Justice Delayed: Twins separated by murder
LAS VEGAS (KSNV News3LV) —
Adriana Morales was just seven years old on Easter Sunday 1994.
"That day, I remember it like it was yesterday," Morales said.
Morales' mother and her two sisters were on their way home from shopping.
Arriving home, a friendly competition.
"We were racing so her whole thing was to get to the house first because she wanted to beat us," Morales said.
That would be the last day Diana Hernandez was seen alive.
"I am the twin sister of Diana," Morales said. "We were the complete opposite. She was a little clown."
The two shared a bond only twins understand. She was just a child when Diana was taken.
"The next morning, we all go out looking. I'm with my babysitter and while we're with my babysitter a homeless man is looking through the trash and he ended up finding the box with my sister in it," Morales said.
A gruesome discovery, but who did it?
Easter Sundays came and went for years.
"It was hell," Morales said. "I think that was the hardest thing for me growing up. Knowing that, oh, my twin sister could have been here, we could have shared this together. How would we look? Would we still look alike? Would we still get along? Would we still do everything together?"
Police work and DNA evidence eventually led detectives to Gregory Wallen. He lived in the family's apartment complex near Maryland Parkway and Flamingo.
Wallen was arrested in 2009, 15 years after Diana's death.
"We're like oh my God, he's arrested. We were happy, ok, we're going to finally put this behind us. Now it's seven years later and we still haven't put it behind us," Morales said.
Gregory Wallen has yet to go trial in connection to Diana's 1994 murder.
Clark County District Attorney Steve Wolfson wants things to change.
"Too many of these cases are pending in our criminal justice system for six or seven years, awaiting trial. That means someone is sitting in our Clark County Detention Center for years and years and years," Wolfson said.
Sitting in jail costs tax payers $135 a day per inmate and as the years pass, that number adds up.
"I wouldn't term it delay. I would term it taking the time needed to prepare the case," Norman Reed, Wallen's attorney, said.
Reed says he has to take his time because his client's life is on the line and the arrest happened 15 years after the alleged crime.
"We're required to and frankly we just need to whether we're required to or not, go through every little piece of Greg's life and every little piece of everything he's done that could potentially be important to a juror," Reed said.
The Clark County justice system has 242 open murder cases.
One in four of those cases are older than three years and have yet to go to trial.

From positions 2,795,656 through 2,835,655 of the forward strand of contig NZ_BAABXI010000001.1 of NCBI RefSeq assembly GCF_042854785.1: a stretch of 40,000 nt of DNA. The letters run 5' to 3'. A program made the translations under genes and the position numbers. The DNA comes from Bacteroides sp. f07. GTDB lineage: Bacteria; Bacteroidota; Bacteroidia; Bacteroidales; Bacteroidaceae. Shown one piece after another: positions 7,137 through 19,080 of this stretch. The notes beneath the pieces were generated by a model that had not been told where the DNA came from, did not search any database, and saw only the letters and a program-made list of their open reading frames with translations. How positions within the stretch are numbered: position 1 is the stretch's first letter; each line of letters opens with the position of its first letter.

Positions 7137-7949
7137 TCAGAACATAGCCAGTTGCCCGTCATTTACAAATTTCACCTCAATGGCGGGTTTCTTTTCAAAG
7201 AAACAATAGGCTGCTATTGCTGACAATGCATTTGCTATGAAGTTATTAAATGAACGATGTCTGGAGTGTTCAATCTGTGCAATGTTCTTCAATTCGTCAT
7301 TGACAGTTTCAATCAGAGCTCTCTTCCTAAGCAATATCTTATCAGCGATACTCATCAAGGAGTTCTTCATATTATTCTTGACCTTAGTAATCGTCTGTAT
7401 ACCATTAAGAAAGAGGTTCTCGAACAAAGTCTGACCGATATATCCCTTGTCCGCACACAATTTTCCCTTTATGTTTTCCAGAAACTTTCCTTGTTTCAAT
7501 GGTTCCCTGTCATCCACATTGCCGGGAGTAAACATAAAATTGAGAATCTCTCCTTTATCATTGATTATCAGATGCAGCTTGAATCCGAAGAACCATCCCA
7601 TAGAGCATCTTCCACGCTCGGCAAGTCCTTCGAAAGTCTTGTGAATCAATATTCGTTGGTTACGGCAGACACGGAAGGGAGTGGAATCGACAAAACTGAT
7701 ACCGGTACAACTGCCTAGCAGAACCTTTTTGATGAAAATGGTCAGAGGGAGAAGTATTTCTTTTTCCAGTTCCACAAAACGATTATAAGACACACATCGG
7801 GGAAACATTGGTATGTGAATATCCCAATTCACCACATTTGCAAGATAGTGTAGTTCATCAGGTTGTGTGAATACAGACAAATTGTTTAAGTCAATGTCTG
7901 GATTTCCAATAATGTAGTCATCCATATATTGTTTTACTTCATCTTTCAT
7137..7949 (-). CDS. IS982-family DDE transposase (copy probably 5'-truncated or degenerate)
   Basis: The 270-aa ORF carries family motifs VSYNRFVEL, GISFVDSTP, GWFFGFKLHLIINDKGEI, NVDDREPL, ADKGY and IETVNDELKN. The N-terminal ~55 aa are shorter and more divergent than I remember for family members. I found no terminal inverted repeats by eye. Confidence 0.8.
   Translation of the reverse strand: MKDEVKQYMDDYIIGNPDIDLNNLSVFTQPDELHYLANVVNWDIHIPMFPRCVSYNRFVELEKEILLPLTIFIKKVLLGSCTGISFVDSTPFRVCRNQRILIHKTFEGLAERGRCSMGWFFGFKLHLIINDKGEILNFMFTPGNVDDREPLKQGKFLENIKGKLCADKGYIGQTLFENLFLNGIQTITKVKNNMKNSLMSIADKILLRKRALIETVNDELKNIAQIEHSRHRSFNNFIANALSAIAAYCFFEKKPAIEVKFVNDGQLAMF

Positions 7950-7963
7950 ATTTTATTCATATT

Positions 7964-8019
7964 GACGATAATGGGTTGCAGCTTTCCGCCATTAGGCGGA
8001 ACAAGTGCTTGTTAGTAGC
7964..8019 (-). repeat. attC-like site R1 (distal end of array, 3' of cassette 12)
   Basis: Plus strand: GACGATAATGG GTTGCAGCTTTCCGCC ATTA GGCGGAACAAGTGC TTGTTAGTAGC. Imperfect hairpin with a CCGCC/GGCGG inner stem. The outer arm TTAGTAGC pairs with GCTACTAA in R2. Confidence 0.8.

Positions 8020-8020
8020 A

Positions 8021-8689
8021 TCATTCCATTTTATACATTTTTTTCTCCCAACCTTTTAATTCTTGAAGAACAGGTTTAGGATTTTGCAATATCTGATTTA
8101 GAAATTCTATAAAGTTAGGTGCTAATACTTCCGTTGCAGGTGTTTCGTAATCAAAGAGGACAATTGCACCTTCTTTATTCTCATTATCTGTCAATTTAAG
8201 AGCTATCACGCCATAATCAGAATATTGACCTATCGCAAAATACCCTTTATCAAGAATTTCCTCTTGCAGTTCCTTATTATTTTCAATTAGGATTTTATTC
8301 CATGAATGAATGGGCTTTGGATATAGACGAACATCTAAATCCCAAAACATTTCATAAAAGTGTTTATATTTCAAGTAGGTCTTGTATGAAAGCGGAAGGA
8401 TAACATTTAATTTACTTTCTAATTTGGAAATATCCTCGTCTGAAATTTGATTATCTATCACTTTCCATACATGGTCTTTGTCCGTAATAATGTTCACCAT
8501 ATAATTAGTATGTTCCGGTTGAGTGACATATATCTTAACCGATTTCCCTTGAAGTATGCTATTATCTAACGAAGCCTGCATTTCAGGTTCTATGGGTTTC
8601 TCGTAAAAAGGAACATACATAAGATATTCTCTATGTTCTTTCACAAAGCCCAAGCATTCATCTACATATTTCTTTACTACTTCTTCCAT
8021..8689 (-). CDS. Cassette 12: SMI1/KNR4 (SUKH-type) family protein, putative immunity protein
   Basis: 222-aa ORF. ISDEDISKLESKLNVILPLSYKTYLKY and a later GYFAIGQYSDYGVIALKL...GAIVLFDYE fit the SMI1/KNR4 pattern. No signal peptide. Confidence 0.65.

Wallen's case has seen seven trial dates set and subsequently continued over the seven years he's been in jail. And he's not the only one.
David Frostick, arrested in 2009, charged with killing a girlfriend, twelve trial dates, each one continued. Thomas Randolph, arrested in 2009, charged with killing his wife and a friend, ten trial dates set.
The list goes on.
Reed is adamant his legal team is working as quickly as possible on Wallen's defense but admits some attorneys abuse the system.
"There is a philosophy I believe through some defense lawyers that just delay, delay, delay in itself is a tactic," Reed said.
Meanwhile, victims like Adriana say they're left on an emotional roller coaster preparing for each trial date.
"I have to mentally prepare myself that it's going to go to trial. I have to focus, I need to be strong, I need to be strong, I need to be strong and nothing happens," Morales said.
"I think a reasonable period of time to get most murder cases to trial is two to three years," Wolfson said.
Wolfson is on a Supreme Court committee made up of justices, prosecutors, defense attorneys, and judges.
Their goal, to change court procedures to streamline the process while keeping it fair for victims and defendants.
"It's a wonderful idea. We have to have something for the public and the viewers and everyone involved," Reed said.
The committee has looked at similar counties like Maricopa, and San Diego comparing trial delays, and confirmed, the issue is a problem.
"We thought if we weren't unusual and everybody did it this way then maybe it isn't wrong. But most other counties get their cases to resolution quicker than we do," Wolfson said.
Wolfson is hoping to enact some new rules within the coming months and hopes the committee as a whole can further address the issue by spring of 2017.
Meanwhile, victims like Adriana are left waiting, longer.
"If you don't have closure how do you put something behind you. If they don't find him guilty you can never put something behind you," Morales said.